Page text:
There is no doubt that formal publication adds value to scientific articles. The success of the ‘gold’ open access publishers, where authors or their funders are paying good money for the service of formal publication, is testament to that. There must be a difference – of perception at the very least – between formally published material and articles ‘published’ by simply depositing them in an open repository. That added value largely consists of two elements: 1) publisher-mediated pre-publication peer review and 2) technical ‘production’, i.e. standardised to a sufficient degree, correctly coded (e.g. no ß where a β is intended), ‘internet- and archive-proof’,  rendered into several user formats, such as PDF, HTML and Mobile, aesthetically pleasing where possible, interoperable, search-engine optimised, and so forth. The first element is mostly performed by the scientific community, without payment, and although the publisher organises it, that doesn’t amount to a substantial publisher-added value, in the common perception. The second element on the other hand, is true value added by the publisher, is seen as such by reasonable people, and it is entirely justifiable for a publisher to expect to be paid for that. There are some authors who could do this ‘production’ themselves, but the vast majority make a dog’s dinner out of it when they try.

There is of course a third element in the equation: marketing. Marketing is responsible for brand and quality perception. Quality mainly comes from good authors choosing to submit to a journal. Getting those good authors to do that is in large part a function of marketing. The resulting brand identity, sometimes amounting to prestige, is also an added value that a self-published article, even if peer-reviewed, lacks. But alas, it is not commonly seen to be an important value-add that needs to be paid for.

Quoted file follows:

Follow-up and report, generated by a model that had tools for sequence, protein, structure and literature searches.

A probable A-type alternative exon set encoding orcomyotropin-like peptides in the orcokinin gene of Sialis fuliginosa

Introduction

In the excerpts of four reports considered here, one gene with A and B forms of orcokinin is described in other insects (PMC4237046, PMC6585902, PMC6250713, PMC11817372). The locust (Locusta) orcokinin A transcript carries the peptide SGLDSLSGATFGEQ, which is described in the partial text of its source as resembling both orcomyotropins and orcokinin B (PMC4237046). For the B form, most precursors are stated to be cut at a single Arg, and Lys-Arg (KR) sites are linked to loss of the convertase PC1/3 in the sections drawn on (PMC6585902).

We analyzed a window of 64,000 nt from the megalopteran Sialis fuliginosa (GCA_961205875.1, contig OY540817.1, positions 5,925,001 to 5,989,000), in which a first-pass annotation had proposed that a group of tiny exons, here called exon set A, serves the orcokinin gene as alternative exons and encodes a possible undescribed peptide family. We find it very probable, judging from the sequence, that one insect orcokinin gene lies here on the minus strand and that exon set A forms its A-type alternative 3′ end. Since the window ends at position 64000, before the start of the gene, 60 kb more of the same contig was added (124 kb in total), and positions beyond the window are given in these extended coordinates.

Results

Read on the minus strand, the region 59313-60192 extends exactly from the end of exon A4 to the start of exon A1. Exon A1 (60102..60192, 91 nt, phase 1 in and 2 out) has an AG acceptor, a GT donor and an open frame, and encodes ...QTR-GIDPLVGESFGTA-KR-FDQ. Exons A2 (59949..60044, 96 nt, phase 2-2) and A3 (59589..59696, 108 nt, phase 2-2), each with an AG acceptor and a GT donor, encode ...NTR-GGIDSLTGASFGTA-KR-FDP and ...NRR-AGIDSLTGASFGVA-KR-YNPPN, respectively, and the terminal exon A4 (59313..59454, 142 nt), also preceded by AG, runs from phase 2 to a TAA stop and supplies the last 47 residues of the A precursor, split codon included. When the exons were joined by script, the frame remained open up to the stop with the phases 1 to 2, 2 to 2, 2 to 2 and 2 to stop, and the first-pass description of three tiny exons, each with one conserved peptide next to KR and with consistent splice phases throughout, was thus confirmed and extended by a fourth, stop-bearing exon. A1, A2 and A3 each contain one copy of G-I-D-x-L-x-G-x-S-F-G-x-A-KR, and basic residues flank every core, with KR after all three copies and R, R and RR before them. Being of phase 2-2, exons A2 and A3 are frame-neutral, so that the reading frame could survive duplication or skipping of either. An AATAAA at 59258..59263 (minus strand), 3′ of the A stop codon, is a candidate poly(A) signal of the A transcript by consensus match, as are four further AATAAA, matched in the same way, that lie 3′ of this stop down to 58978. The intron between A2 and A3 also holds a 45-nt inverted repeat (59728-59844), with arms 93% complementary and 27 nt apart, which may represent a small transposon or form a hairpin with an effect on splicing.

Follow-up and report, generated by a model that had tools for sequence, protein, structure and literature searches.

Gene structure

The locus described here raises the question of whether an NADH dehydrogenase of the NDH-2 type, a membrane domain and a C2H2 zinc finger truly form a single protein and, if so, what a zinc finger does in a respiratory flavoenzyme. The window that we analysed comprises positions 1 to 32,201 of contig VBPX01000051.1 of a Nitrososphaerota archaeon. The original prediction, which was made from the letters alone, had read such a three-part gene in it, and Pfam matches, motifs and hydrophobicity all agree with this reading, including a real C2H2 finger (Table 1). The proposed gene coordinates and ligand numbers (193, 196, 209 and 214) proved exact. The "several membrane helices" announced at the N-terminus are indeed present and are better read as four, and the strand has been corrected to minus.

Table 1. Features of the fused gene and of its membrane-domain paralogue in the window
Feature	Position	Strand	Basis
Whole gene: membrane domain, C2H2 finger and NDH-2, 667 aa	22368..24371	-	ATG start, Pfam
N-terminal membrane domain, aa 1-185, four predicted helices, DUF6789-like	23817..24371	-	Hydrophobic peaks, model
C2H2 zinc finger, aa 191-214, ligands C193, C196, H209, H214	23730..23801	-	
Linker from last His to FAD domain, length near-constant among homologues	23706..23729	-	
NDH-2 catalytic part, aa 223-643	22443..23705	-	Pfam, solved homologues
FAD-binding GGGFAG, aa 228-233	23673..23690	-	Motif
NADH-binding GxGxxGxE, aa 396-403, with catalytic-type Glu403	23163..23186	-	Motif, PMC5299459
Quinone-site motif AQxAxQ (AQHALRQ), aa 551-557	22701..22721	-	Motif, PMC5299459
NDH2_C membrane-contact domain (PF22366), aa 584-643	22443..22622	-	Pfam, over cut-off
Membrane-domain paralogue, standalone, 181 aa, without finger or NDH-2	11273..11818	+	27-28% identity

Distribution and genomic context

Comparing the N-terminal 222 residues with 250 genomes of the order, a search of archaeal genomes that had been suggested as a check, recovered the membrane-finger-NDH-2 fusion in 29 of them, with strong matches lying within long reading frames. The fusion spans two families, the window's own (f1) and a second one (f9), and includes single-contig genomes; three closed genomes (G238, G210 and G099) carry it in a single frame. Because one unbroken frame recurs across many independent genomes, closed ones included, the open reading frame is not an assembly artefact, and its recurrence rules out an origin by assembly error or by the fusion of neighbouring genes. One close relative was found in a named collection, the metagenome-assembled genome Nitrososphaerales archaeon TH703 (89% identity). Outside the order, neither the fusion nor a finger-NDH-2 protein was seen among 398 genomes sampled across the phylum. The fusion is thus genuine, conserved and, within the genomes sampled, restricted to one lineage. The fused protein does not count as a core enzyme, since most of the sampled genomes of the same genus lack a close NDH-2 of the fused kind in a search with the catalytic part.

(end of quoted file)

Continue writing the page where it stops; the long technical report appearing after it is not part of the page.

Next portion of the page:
Having 'lo-fun' and 'hi-fun' versions of articles makes the publishers’ real contribution explicit. That’s the rub, of course.

Back to ‘gold’, I’m afraid. Or rather, not so afraid, as ‘gold’ OA doesn’t have any of the drawbacks of ‘lo-fun’. Fortunately ‘gold’ is more and more showing to be a healthily viable and sustainable business model for open access, at least as long as the scientific community sets so much store by publisher-mediated pre-publication peer review (see previous post for my thoughts on that).

Jan Velterop


  1. "Access to human-readable articles would of course not satisfy everybody, but it would satisfy the ‘green’ OA crowd."

    Please, Jan, don't propagate confusion by equating Green (a strategy for obtaining OA) with Gratis (a degree of OA). As we well know, there is Gratis Gold and BOAI-compliant Green, as well as Gratis Green and BOAI-compliant Gold.

  2. You're right, Mike. That's why I added "if I assume Stevan Harnad is their prime spokesperson. He dismisses machine-readability and reuse as distractions from his strategy of ‘green’ open access, and he even supports embargoes, as long as articles are self-archived in institutional repositories, which is his primary goal."